Since about 1999, awake craniotomies have become more routine, even in young patients. This technique is useful for procedures necessitating brain mapping while avoiding any interference on the recording of important data from the use of anesthesia. Awake functional testing is the best method to direct navigation and test neurological functioning.
Epilepsy surgery is a major neurosurgery. Some risk is associated with it and there is some mild discomfort afterward. The recovery period varies for each individual. The hospital stay also varies, depending on the specific procedure performed.
Most people can resume normal activities 2 to 8 weeks after epilepsy surgery.
Epilepsy surgery is measured by the level of improvement in seizures and quality of life. Adult studies of epilepsy surgery have shown that seizures can be greatly reduced or totally controlled in some cases, and many can stop AEDs. Pediatric studies also report that the majority of infants and young children show favorable outcomes in seizure control, and can also stop AEDs after surgery.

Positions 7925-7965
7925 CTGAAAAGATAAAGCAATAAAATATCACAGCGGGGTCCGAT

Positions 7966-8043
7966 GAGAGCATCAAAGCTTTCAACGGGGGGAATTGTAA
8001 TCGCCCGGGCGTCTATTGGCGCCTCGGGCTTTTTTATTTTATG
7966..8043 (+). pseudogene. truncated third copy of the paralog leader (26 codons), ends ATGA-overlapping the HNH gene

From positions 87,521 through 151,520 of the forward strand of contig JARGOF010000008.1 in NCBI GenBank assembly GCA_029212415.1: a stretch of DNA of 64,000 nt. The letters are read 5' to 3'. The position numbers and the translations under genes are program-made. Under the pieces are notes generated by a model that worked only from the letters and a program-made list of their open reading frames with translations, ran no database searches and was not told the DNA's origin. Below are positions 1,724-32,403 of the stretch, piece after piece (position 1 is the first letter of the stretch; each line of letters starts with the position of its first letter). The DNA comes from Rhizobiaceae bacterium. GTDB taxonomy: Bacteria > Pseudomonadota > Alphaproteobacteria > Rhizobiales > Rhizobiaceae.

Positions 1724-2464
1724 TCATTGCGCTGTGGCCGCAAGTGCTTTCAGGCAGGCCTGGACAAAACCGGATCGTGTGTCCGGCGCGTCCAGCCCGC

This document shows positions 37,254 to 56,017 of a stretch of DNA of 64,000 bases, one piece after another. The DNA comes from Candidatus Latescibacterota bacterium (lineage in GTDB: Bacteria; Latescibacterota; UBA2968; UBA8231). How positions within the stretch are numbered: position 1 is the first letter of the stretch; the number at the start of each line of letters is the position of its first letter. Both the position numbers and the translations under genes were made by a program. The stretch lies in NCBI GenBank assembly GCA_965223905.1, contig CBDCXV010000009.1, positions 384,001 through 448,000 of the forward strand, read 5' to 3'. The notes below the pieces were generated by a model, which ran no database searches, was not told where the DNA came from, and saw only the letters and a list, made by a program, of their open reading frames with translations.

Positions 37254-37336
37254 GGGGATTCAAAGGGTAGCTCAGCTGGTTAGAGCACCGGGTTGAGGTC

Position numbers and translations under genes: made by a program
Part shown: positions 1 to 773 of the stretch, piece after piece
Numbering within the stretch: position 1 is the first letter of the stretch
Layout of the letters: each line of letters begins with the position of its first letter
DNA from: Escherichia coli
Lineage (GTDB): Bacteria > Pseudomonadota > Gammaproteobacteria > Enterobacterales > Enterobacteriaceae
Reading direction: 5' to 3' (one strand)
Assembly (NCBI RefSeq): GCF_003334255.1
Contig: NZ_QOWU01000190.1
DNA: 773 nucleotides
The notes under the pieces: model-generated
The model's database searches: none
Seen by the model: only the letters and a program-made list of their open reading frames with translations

It is critical for the patient and family to have realistic expectations of the results of the surgery. After surgery, some patients become completely seizure-free and some have no improvement at all.
Many people fall between these extremes, having fewer seizures or seizures that are less intense, or they require less medication. Most people who do become seizure-free after surgery must continue to take seizure medicines to prevent breakthrough seizures.
Although seizures may be greatly reduced or totally controlled following surgery, a number of patients report periods of depression during the adjustment period and it appears that the greatest benefit accrues to those whose seizures are completely controlled.